A consumer advocacy organization is asking federal officials to halt a clinical study involving treatment for sepsis carried out by the Cleveland Clinic and other medical institutions across the country.
The group, Public Citizen, said the trial involving treatment for sepsis is deeply flawed and unethical.
Sepsis is the body's extreme response to an infection. It happens when an infection you already have triggers a chain reaction throughout your body, according to the Centers for Disease Control and Prevention. Without treatment, it can lead to rapid tissue damage, organ failure and death.
The Crystalloid Liberal or Vasopressors Early Resuscitation in Sepsis (CLOVERS) attempts to answer the best way to manage the condition.
During usual care for sepsis, doctors increase doses of IV fluids and blood-pressure-raising medications based on a patient's need. However, in this study, half of the patients will receive predominately IV fluids and the other half will receive predominately blood pressure-raising medications.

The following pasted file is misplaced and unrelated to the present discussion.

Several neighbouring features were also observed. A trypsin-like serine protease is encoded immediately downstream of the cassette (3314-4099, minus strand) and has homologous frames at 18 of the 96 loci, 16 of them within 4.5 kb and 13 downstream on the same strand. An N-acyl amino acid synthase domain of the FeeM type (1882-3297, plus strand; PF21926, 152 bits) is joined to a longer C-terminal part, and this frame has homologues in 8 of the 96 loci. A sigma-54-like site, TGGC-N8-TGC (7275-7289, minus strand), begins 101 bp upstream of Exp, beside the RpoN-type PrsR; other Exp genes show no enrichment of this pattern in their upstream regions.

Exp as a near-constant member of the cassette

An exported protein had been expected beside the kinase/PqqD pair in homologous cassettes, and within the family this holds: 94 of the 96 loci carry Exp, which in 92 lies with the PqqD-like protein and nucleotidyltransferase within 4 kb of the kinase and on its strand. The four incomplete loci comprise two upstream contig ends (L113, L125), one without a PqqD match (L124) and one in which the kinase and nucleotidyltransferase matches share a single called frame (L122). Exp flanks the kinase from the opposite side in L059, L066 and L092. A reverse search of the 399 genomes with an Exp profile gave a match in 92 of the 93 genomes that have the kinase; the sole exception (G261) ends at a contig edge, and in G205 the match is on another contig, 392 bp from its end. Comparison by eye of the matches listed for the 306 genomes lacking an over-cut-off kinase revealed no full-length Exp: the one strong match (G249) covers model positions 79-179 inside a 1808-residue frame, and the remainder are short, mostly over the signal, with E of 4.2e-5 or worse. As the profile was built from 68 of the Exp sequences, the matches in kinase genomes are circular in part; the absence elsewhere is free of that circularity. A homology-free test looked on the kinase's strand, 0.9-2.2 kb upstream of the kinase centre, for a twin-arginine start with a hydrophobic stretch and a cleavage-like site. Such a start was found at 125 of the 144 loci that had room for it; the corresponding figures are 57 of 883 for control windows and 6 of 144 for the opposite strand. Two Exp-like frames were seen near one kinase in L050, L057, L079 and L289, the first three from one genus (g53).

In a letter to the government, the group said there isn't a control group that is receiving the usual treatment for sepsis, which can't ensure the experiment isn't causing increased deaths and organ failure.
Beth Israel Deaconess Medical Center, the lead site of the clinical trial, released a statement that reads, in part:
This study compares two approaches for the treatment of septic shock that are both currently in widespread use. Our study will provide clinicians with authoritative data on which approach leads to better patient outcomes. The study protocol was designed by expert clinicians in emergency and critical care medicine representing nearly 50 hospitals in the United States and follows a well-accepted design. To ensure that the study meets the highest scientific and ethical standards, the study was thoroughly reviewed by an independent protocol review committee and a Data Safety and Monitoring Board appointed by the National Heart, Lung, and Blood Institute (the study’s funder), and a central Institutional Review Board, before the study began
Public Citizen said they found flaws in consent forms given to participating patients, including failure to explain to patients the risks of the two approaches conducted in the trial.
The trial is also scheduled to be held at Ohio State University Wexner Medical Center in Columbus and University of Cincinnati Medical Center.